Arriving to Lunch at Lowe in Dubai

A 7-hour, easy-breezy overnight from CDG brought me to the airport of Dubai, where a complimentary 1GB Sim card (courtesy of DXB) and a very good friend (parallel-parked in the taxi lane and not particularly arsed about the honking) awaited. After a quick shower and outfit change chez elle we were off to lunch with friends at Lowe, set in a leafy KOA Canvas residential development in Al Barari. The idea was a quick lunch at Lowe before heading out to Tomorrowland at Terra Solis for a Corona party in the desert. (Not a bad program for my first day in Dubai.) On the way there, I’d spilled a liter of water all over my bright white boho cover-up and 100mL of L’Eau Sézane inside my mint green handbag. Spilling stuff was generally a theme of the day. Apparently, I was a bit more tired than I’d realized.

Voted No.15 on the World’s 50 Best Restaurants MENA 2023 edition and awarded a Michelin Green Star for sustainability, Lowe has become a neighborhood favorite for its ever-changing menu and relaxed atmosphere. A minimalist, contemporary, industrial chic space clad in dark wood and brutalist béton brut directs all the focus on the food, which is quirky, vivid and charmingly experimental. The open kitchen reveals a charcoal grill, rotisserie and wood-fired oven where most of the restaurant’s signature dishes come to life.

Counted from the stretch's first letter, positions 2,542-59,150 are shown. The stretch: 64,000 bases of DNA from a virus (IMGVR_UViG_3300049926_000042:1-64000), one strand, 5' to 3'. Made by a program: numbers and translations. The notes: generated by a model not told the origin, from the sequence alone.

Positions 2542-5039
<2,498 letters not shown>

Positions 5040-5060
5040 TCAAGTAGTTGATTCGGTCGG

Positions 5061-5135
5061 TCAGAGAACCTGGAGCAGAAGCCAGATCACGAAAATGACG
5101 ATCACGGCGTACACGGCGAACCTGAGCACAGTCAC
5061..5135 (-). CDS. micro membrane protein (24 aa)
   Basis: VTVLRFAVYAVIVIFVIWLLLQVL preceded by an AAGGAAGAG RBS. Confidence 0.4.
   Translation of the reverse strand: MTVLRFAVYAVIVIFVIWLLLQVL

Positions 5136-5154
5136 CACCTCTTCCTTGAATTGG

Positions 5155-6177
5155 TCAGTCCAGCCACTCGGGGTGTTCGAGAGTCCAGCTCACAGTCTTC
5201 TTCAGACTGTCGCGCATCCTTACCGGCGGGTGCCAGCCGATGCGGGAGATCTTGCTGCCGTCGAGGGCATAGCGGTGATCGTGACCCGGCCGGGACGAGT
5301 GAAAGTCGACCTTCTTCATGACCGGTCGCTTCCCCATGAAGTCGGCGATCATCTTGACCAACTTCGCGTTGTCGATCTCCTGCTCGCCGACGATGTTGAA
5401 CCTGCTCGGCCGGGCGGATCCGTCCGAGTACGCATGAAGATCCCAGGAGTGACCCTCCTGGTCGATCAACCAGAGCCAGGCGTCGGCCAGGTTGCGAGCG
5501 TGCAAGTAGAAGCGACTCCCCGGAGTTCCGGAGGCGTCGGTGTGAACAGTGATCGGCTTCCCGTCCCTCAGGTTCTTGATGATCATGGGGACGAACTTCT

Lowe’s must-try is their woodfired sesame bread which comes to the table fresh-out-the-oven-warm with steam billowing forth from its pillowy undulations. Smoky charred bits and nutty sesame seeds – their oils activated by the heat of the oven – lend the bread a rustic Mediterranean simplicity, while its crunchy, chewy, stretchy texture makes it the ideal vehicle for Lowe’s signature dips. One of these is the burnt aubergine dip topped with seaweed za’atar. The charcoal-gray cream of aubergine is smoky and nutty with an elegant bitter touch, complemented nicely by the salty, briny, umami of the seaweed, dried herbs and toasty sesame seeds. Another was a rust-colored romesco dip with a spot of crabmeat and toasted almonds in the center, drizzled with brown butter.


I also had a couple of oysters dressed in onion-infused vinegar and topped with a chilled granita of shatta, which is a Middle Eastern salsa made with tomatillo, fermented chilis, olive oil and herbs. While the oysters were a bit carelessly shucked, the presentation on smooth black river stones was pretty. But my favorites by far were the nori & ricotti fritti with anchovies and lemon. A kind of tempura of nori seaweed stuffed full of juicy ricotta cheese, which bursts out of its golden brown and crispy shell when bitten into. The thing is topped with a single anchovy filet, which imbues each two-bite fritto with tons of briny, salty, fishy, umami flavor.

We also ordered some kind of tagliatelle, a khubz salad and a creamy miso eggplant with black pepper and tofu cream, which was excellent but which I was too overstimulated to snap a picture of. But I remember the cozy, smoky, nutty, herby, citrussy Middle Eastern inspired flavors of these dishes, enjoyed in good company in a laid back atmosphere. A great first meal in UAE.

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